A new report card, issued by the Iowa Department of Education in advance of the upcoming Iowa Education Summit running Monday and Tuesday, claims to confirm one of the primary beliefs of the Branstad Administration. Iowa’s education system just isn’t what it used to be.

The report card examines individual facets of the education system, frequently highlighting Iowa’s failure to keep up academically with other states and countries. Studies show achievement gaps along racial and socioeconomic lines and an overall failure to establish the state as a leader in advanced mathematics.

“Today we stand at an important decision point for Iowa,” said Jason Glass, Gov. Branstad’s hand-picked Director of Education, in the report. “The key question we face is: ‘Are we willing to do what will be necessary to make Iowa’s schools great?’”

Specific findings include:

• A significant discrepancy in academic achievements between certain student demographics. Educators call this the “Achievement Gap,” and it is frequently identified as one of the primary concerns in schools today.

The report cites ITBS reading proficiency tests taken in the fourth grade. White and Asian students perform at a consistent level, while black and hispanic students trend 20 to 25 percentage points lower. Mathematics results were similar, though some narrowing of results has been seen in the last five years.

Socioeconomic status also appears to have an affect on students performance, according to the report. Students who are eligible for the Free and Reduced Lunch program perform consistently lower than students ineligible for the program.

The gap between disabled and non-disabled students may be the most troubling. A study based on 2009 National Assessment of Education Progress testing, shows Iowa has the largest performance gap based on disabilities in the nation. More than 55 percentage points divide disabled and non-disabled students in both reading and math.

• In 1992, the oft-cited gold standard year for Iowa education, no state performed better in NAEP fourth-grade reading scores or eighth grade mathematics scores.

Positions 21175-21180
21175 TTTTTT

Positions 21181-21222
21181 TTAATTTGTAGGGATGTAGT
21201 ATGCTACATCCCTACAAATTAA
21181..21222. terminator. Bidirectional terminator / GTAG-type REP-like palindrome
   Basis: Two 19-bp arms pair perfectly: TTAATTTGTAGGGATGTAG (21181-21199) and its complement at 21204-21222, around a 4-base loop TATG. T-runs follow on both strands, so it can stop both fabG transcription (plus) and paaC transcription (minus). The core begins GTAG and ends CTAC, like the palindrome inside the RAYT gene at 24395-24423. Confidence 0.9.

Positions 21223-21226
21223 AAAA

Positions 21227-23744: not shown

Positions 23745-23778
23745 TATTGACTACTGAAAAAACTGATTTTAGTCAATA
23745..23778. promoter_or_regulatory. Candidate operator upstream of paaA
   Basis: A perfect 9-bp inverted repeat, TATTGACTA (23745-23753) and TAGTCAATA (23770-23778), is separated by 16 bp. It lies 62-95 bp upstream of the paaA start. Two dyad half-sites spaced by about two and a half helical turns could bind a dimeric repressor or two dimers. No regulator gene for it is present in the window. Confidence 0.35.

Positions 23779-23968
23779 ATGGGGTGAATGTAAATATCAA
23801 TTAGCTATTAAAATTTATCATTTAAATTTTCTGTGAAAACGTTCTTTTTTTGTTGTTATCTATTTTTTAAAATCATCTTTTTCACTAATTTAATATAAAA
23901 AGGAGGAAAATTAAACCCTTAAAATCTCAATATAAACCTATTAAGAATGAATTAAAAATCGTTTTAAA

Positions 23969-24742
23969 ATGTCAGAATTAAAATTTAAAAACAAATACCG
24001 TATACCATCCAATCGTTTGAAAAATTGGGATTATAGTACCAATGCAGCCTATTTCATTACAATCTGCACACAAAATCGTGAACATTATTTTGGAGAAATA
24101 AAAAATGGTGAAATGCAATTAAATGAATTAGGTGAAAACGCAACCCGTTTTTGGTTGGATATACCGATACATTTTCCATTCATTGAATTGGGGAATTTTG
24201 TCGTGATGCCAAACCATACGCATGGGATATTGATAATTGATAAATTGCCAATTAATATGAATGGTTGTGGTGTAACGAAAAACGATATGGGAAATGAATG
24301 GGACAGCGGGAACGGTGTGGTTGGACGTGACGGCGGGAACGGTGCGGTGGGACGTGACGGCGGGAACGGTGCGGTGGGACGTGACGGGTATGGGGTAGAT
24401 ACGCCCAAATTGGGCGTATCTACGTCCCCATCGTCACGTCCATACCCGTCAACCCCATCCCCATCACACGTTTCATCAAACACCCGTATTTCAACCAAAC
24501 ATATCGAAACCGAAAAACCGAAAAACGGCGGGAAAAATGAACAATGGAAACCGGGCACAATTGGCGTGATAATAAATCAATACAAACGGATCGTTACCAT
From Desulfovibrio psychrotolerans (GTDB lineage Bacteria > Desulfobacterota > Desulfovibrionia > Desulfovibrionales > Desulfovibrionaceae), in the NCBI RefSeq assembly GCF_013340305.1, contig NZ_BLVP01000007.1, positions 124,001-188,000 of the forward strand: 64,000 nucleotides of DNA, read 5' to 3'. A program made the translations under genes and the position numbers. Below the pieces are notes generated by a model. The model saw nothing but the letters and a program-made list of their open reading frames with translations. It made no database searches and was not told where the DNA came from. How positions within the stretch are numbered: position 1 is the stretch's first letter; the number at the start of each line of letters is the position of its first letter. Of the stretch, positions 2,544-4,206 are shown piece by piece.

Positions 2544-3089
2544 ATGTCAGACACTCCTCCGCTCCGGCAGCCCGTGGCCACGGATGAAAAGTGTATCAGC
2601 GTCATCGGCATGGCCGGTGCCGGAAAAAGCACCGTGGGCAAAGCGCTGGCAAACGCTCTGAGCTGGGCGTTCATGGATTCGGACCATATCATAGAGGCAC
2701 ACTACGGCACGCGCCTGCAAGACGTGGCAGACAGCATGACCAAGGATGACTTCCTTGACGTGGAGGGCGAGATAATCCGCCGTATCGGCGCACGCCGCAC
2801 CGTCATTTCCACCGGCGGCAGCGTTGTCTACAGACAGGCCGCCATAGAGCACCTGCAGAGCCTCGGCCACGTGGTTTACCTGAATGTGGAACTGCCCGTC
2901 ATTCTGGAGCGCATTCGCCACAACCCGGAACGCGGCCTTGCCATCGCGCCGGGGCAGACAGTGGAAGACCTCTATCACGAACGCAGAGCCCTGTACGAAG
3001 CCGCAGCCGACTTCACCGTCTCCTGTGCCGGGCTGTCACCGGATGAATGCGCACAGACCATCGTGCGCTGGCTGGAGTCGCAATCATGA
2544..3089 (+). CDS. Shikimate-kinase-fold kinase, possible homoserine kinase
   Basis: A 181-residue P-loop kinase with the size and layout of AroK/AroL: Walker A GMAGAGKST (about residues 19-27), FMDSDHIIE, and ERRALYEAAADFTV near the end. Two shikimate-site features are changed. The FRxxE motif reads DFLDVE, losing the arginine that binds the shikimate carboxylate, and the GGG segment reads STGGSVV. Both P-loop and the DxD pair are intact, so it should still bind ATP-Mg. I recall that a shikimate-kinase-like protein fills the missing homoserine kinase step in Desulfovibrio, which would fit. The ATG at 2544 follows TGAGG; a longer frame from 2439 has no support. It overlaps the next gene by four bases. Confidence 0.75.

In 2009, Iowa hovered near the middle on each. The 2009 NAEP testing also revealed that 29 percent of Iowa eighth graders were enrolled in Algebra I or another high level math course. Only three states had a lower enrollment percentage.

• ACT scores in Iowa trend higher than the national average, but the percentage of test takers who met all four ACT benchmarks was 30 percent in 2010.

Iowa also ties for 16th worst in bachelor degrees per capita. Only 25.1 percent of adults older than the age of 25 have a bachelors degree or higher academic distinction, whereas neighboring states Illinois and Minnesota show numbers upwards of 30 percent.

“Our greatest hope (for the summit) is that we leave with a lot of ideas and some consensus that we can improve Iowa’s schools,” Glass said in the statement. “We have to build a compelling vision for what education in Iowa might be like — a significant remodel of what we have now.”

Glass attended a Rotary Club meeting in Clinton on Monday, July 11, and discussed some goals for Iowa’s education system. Believing that the current system doesn’t encourage top-tier talent to become educators, Glass discussed reformatting teacher pay.

Conversely, Glass said the practice of terminating inadequate teachers, something he said is complicated due to union requirements, needs to be considered more often. This philosophy has led some to call him an education reformer, a distinction he is not comfortable with as he says firing teachers is not his main objective.

The education summit will be held at the Hy-Vee Hall in Des Moines. Educators from across the state will gather to discuss the future of the system, and attempt to formulate ideas to return Iowa to the top.